As we move toward the the Guayana Highlands on our small plane, we see the Tepui in the distance. These giant mesas dot the landscape. We touch down on a small patch of grassland. We then set out on foot toward Auyantepui, the largest of the tepui at 700 square kilometers. We walk first through deep scrubland where we see creatures like the anteater, its strange form dashing from anthill to antill, slurping up ants with its long tongue.
Scrubland turns to dense jungle. We bushwhack deep into the rainforest until we meet the trail to Angel Falls. We follow this until we hear the roar of the falls. The spray permeates into the rainforest and we know we are nearing our target. Coming to a clearing, our jaws drop. Angel Falls! We see the world’s tallest waterfall: the water plunges 979m to the ground. This is 19 times higher than Niagara Falls. The falls are actually so high that they only drop uninturupted for just over 800 meters. The rest turns to mist and hits the rocky floor of the rainforest. After many shots, we move on.
The group will divide up into two teams, one will hike up around the tepui and to the summit. The other will climb up the steep face of the tepui. The tepui is actually about 3,000 meters high, so both teams will take a while. Both teams set out, both struggling with the terrain: the hikers with the deep rainforest and the climbers with the steep cliffs. At certain times, the climbers needed to climb artificially, that is, completely separated from the rock, using ascenders to climb. The hikers move onto the steep back face of the tepui. It is climbable only with the use of switchbacks.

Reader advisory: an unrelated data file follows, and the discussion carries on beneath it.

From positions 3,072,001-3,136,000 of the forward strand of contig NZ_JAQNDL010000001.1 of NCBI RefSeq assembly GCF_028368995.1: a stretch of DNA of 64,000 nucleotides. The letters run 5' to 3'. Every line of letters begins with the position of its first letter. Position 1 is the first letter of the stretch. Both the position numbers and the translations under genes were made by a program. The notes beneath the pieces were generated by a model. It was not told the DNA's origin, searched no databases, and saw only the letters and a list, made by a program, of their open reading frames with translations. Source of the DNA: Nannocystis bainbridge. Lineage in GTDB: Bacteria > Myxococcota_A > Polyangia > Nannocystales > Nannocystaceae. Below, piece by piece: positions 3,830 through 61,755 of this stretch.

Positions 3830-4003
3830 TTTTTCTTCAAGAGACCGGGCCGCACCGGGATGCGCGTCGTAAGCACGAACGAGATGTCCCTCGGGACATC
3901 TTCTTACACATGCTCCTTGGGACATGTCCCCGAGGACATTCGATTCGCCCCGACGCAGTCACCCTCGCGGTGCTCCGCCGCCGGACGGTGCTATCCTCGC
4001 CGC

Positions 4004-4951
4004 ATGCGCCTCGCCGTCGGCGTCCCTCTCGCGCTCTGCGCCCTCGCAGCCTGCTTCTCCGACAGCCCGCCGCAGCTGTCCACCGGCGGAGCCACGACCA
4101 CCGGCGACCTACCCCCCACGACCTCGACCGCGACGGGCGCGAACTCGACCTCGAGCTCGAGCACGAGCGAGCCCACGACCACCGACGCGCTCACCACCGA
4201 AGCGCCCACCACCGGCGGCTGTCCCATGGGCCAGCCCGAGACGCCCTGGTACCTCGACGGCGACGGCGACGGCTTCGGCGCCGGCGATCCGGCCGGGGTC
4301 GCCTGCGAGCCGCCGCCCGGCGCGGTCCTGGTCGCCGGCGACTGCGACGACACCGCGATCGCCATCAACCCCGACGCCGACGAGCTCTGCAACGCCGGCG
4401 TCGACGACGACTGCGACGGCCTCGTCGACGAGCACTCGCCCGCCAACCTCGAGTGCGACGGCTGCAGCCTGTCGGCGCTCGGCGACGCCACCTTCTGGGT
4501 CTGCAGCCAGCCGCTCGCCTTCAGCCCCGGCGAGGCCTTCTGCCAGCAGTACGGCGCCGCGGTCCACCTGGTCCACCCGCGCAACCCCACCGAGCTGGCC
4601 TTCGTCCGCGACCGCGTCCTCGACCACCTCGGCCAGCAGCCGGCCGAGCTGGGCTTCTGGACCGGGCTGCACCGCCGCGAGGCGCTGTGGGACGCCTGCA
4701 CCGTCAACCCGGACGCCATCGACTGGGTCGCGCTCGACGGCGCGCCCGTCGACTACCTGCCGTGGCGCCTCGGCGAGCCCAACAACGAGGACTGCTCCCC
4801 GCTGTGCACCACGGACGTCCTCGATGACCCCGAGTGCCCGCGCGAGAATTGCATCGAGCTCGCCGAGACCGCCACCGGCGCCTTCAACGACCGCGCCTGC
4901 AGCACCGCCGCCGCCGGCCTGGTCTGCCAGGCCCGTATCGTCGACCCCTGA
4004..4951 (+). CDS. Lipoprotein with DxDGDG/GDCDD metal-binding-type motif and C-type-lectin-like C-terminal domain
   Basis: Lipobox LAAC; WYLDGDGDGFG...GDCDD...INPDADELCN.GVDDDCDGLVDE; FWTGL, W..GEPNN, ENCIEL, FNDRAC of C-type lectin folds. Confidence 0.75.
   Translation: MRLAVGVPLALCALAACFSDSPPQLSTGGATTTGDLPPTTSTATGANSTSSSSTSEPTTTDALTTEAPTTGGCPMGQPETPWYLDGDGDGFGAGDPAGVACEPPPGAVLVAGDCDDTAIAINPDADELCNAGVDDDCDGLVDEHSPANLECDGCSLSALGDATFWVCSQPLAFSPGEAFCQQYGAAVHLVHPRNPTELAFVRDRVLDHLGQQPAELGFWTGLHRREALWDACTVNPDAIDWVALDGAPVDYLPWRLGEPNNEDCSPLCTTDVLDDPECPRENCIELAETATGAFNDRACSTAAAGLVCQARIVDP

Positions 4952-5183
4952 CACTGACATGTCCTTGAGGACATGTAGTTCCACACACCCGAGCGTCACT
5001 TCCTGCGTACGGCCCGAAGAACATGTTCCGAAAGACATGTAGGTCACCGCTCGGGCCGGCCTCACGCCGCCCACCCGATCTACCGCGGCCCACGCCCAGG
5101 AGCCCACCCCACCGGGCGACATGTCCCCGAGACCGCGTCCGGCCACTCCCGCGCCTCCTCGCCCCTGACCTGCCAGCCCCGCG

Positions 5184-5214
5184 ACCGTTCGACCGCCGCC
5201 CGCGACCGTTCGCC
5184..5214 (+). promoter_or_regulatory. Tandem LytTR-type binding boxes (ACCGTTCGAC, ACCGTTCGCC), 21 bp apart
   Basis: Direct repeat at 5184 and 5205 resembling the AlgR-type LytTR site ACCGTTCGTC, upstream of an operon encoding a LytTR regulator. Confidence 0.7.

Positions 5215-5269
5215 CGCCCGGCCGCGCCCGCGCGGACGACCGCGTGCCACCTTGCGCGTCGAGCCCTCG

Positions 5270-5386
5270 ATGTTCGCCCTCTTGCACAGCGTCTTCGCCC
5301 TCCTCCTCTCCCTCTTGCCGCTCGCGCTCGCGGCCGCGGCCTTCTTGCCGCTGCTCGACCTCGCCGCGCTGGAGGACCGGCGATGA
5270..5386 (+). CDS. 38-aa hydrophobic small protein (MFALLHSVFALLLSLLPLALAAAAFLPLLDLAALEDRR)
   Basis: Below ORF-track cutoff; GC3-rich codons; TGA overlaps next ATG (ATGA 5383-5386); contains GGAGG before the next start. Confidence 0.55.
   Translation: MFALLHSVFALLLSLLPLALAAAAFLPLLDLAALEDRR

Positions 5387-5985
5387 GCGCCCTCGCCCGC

Finally after several hours, the climbing team makes it to the top. They wait as the hiking team concludes their trek. Both are at the top. Here the poor soil forces plants to get nutrients in other ways: leading to the evolution of many carnivorous plants. This place is known as the Devil’s Mesa and the Place of the Dead by the locals, but it is actually brimming with life. These tepui are ecological islands where endemic flora and fauna evolve separately from the rest of the population. There are many different types of frogs hopping around us, many probably not known to science. Even though this place inspired the Arthur Conan Doyle novel The Lost World we do not see any dinosaurs.
After seeing a wonderful sunrise and sunset from the top of the tepui, we go down our separate ways: either hiking or paragliding into the open lands below, wind whistling past us as we soar over this commanding landscape, and go off to the tributaries of the Amazon for our final adventure.